Holz ( 2007-01-22 )

Source: TCM Cartoon Alley

Reported to be the inspiration for Mel Blanc's voice characterization of Pepe' Le Pew in the Warner Brothers Cartoons.

albatros1 ( 2007-10-03 )

Source: Wikipedia The Internet Encyclopedia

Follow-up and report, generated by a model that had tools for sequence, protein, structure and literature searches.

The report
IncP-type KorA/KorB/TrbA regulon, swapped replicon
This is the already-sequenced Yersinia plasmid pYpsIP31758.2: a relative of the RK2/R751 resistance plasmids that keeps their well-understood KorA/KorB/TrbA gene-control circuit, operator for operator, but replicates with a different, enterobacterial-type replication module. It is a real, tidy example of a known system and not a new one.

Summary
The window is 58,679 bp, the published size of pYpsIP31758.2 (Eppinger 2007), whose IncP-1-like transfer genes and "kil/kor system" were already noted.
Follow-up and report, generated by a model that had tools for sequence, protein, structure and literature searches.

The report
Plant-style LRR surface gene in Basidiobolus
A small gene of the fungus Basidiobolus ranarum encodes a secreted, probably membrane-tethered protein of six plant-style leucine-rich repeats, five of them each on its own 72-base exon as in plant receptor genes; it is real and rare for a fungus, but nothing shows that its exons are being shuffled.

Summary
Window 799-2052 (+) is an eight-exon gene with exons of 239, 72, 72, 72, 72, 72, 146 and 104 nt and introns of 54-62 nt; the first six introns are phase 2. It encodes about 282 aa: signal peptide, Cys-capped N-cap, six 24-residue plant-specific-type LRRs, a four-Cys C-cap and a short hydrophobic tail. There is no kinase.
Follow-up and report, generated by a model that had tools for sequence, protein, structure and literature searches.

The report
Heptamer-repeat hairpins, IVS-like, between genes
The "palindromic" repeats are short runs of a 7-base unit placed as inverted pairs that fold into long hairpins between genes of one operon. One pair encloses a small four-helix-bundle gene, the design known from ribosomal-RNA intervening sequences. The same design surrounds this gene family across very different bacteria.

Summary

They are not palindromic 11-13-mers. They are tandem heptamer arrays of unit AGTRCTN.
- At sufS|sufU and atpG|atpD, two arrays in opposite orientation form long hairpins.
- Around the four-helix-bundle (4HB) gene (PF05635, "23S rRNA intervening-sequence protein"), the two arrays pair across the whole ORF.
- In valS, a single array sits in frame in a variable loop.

Charles Boyer (August 28, 1899 – August 26, 1978) was a four-time Academy Award-nominated French-American actor who starred in several classic Hollywood films, as well as television director and producer. His most famous role was in the 1944 film Gaslight. After moving to the U.S., he became an American citizen. Born in Figeac, France, to Maurice and Louise Boyer - was just a shy small-town boy who discovered the movies and theater at the age of eleven. Working as a hospital orderly during World War I, Charles Boyer started to come out of himself performing comic sketches for the soldiers there. Nevertheless Boyer acceded to his mother's request that he graduate from the Sorbonne (earned a degree in philosophy) before studying acting at the Paris Conservatory. In the 1920s he was not only the popular romantic leading man on stage but was employed in silent films. MGM signed him to a contract, and nothing much came of his first Hollywood stay from 1929-31. His first big break was a very small part of a chauffeur to Jean Harlow in Red-Headed Woman, 1932. He settled in the Hollywood in 1934, after starring in a French adaptation of Liliom directed by Fritz Lang. Later the same year his films began to win public favor. In 1935, he starred in the psychiatric drama Private Worlds, and although the film was not a huge success, Charles Boyer was. He loved life in the United States, and went on to play opposite the alluring actresses of the 30's and 40's. During this period, Boyer had continued making European films, and with Mayerling in 1936 it made him an international star. The offscreen Boyer was bookish and private, far removed from the Hollywood high life. But onscreen he made women swoon as he romanced Marlene Dietrich in The Garden of Allah (1936), Greta Garbo in Conquest (1937), and Irene Dunne in Love Affair (1939). In 1938, he landed his famous role, as Pepe le Moko, the thief on the run, in Algiers an English-language remake of the hit French film Pepe le Moko with Jean Gabin. Although he never invited costar Hedy Lamarr to "Come with me to the Casbah", the line would stick with him, thanks to generations of impressionists. He played in three classics of unrequited love with some of greatest leading ladies : All This and Heaven Too (1940), opposite Bette Davis, Hold Back the Dawn (1941), opposite Olivia de Havilland, and Back Street (1941), opposite Margaret Sullavan. Charles was made a naturalized citizen of the United States in 1942. In 1943, he was awarded a Honorary Oscar Certificate for "progressive cultural achievement" in establishing the French Research Foundation in Los Angeles as a source of reference (certificate). He never won an Oscar for acting, though he was nominated four times - for Conquest (1937), Algiers (1938), Gaslight (1944) and Fanny (1961). Charles Boyer is best known for his role in the 1944 film Gaslight in which he tried to convince Ingrid Bergman's character that she was going insane. After World War II, he continued to appear on films, TV, Broadway stage, and the London stage. In 1948, Charles Boyer was made a chevalier of the French Legion of Honor. When another film with Bergman, Arch of Triumph (1948), failed at the box office, he started looking for character parts. He also moved into television as one of the pioneering producers and stars of Four Star Theatre; Four Star Productions would make him and partners David Niven and Dick Powell rich. In the 1950s he was a guest star on I Love Lucy. Charles was nominated for the Golden Globe for Best Actor in the 1952 film The Happy Time, and for the Emmy for Best Continuing Performance by an Actor in a Dramatic Series for his work in Four Star Playhouse (1952-1956). Onscreen, he continued to shine with older roles in Fanny (1961), Barefoot in the Park (1967) with Robert Redford and Jane Fonda, and Stavisky (1974), the latter winning him the New York Film Critics Circle Award.[17] Another successful TV program was The Rogues with David Niven and Gig Young; The series only lasted through the 1964-65 season but remains fondly remembered for its sophistication and humor by many who saw it. Boyer's career lasted longer than other romantic male actor of his era, earning him the title "the last of the cinema's great lovers." He recorded a very dark album called Where Does Love Go? in 1966. The album consisted of famous love songs sung (or rather talked) with Charles Boyer's distinctive deep voice and French accent. The record was reportedly Elvis Presley's favorite album for the last 11 years of his life, the one he most listened to. His last major film role was that of the High Lama in a musical version of Lost Horizon (1973, a commercial failure), although he also had a notable part as a corrupt city official in the 1969 film version of The Madwoman of Chaillot. His long, distinguished career included the motion pictures Around the World in 80 Days (1956), How to Steal a Million (1966), Is Paris Burning? (1966), and, his final film, A Matter of Time (1976), with Ingrid Bergman and Liza Minnelli. For his contribution to the motion picture and television industries, Charles Boyer has two stars on the Hollywood Walk of Fame at 6300 Hollywood Blvd. Boyer's marriage to British actress Pat Paterson, his first and only wife, was as romantic as his movies. It was love at first sight when they met at a dinner party in 1934. Two weeks later, they were engaged. Three months later, they were married. Later, they would move from Hollywood to Paradise Valley, Arizona. The marriage would last 44 years. Two days after his wife died from cancer in 1978, Boyer committed suicide with an overdose of Seconal while at a friend's home at Scottsdale. He was taken to the hospital in Phoenix where he died. He was interred in Holy Cross Cemetery, Culver City, California, United States alongside his wife, and son Michael Charles Boyer, who had committed suicide playing Russian roulette after breaking up with his girlfriend in 1965 at the age of 21.